‘People put their lives on the line for the Indo and this is what they get’

Changes to the pension scheme at INM are a breach of trust, say former staff

Irish Independent House  on Talbot Street, Dublin. Photograph: Bryan Meade

Irish Independent House on Talbot Street, Dublin. Photograph: Bryan Meade


Albert Smith (64): former sub-editor and assistant editor at Irish Independent; deferred pensioner who took early retirement in 2007 after 23 years.

“When I left, the projection for my pension was about €24,000 a year. I would have been okay. After the 2013 deal, I was told I was going to get around €12,000 or €13,000 a year, although the last statement I looked at it was around €11,000.

“I’ve one year to go and as things look from my reading, I’ll be lucky to get €9,000.

“The nearest thing to a sacred trust between an employer and an employee is making provision for old age. The Indo is breaking that sacred trust.”


Don Lavery (63): former reporter who specialised in crime, security and military matters for the Irish Independent; deferred pensioner took early retirement in 2013 after 25 years.

“When I took redundancy, I expected a pension of €24,000 when I turned 66. That figure went down to €12,500 because of poor performance by the fund during the years of recession. With the proposed change now, I’ll will be lucky to get €8,000.

“There were people at INM who reported the news in the 1980s and 1990s who put their lives on the line for the Indo. I can think of three occasions when I had a gun put to my head . . . A well-known gangland figure, once told me ‘I’m going to find out where you live and I’m going to kill you and I’m going to kill your family’.

“People put their lives, and their families, on hold to get the story for the Indo and this is what they get.”


Peter O’Connor (60) did clerical work in the INM circulation department; made redundant in 2004 after 30 years. Wife Noleen worked in INM cashiers for 25 years, also made redundant. Both were in Siptu, both have deferred pensions.

“The way it all unfolded with the way most clerical staff were forced out in 2004, you were looking to the pension scheme, hoping, that it would bring financial security in retirement. We’re really in a situation now that you are unclear what the financial circumstances will be at 67.”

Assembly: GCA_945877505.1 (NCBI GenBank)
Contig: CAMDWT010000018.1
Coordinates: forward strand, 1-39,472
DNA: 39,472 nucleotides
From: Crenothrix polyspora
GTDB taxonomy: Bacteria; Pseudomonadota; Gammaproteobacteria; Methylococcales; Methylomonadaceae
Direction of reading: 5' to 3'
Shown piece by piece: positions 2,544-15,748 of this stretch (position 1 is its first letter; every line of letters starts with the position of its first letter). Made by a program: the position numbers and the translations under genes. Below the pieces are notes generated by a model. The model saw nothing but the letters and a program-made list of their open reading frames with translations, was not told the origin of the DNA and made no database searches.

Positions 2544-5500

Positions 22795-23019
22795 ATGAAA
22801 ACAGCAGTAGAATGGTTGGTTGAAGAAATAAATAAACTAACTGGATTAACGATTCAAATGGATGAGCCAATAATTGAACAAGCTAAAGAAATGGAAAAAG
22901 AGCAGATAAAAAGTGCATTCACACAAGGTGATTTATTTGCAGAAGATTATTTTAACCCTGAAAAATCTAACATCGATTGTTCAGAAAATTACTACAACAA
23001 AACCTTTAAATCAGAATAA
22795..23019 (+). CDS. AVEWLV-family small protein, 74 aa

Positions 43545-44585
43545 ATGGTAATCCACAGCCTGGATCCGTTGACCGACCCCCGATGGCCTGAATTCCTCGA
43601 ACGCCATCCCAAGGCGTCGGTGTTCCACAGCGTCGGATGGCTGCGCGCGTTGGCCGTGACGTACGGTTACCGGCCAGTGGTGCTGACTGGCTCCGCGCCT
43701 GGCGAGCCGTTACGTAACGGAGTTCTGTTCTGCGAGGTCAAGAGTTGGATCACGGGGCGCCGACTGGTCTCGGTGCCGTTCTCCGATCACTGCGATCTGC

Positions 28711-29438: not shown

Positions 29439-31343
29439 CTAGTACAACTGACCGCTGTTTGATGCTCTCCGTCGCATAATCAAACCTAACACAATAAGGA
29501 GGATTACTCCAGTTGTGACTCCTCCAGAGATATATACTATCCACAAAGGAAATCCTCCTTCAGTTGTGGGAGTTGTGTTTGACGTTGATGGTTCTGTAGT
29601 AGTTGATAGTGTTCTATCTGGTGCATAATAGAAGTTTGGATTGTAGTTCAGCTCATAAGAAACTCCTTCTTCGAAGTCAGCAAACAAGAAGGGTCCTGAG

He works now for a community project for less than the average industrial wage and with no pension. His projected pension in 2013 was €24,000 but was reduced to €14,400. If the proposed change is made, he will be lucky to get €10,000 a year.

“I’m not in a position to put money by to buy [an extra] pension. What is it going to be like at 67. I could be in pension poverty.”


Jim Aughny (63): former business reporter with Irish Independent, specialising in personal finance; became redundant in 2007 after 28 years; deferred pensioner.

“My pension should be close to €28,000 but with the agreement of 2013, I lost about 40 per cent. What angers us all, members and deferred members, in all unions, is that was all agreed in 2013 and now, three years later, they’re going to welch on that agreement.

“The changes proposed now will turn my pre-2013 pension into about €11,000, or a bit over €200 a week.

“They should adhere to the 2013 agreement because it was signed in good faith. . . By closing the scheme and getting it off the books, they will be €24 million better off and can start paying dividends to shareholders. That’s the purpose of this whole thing.

“My earning ability at 63 to make up for this isn’t good.”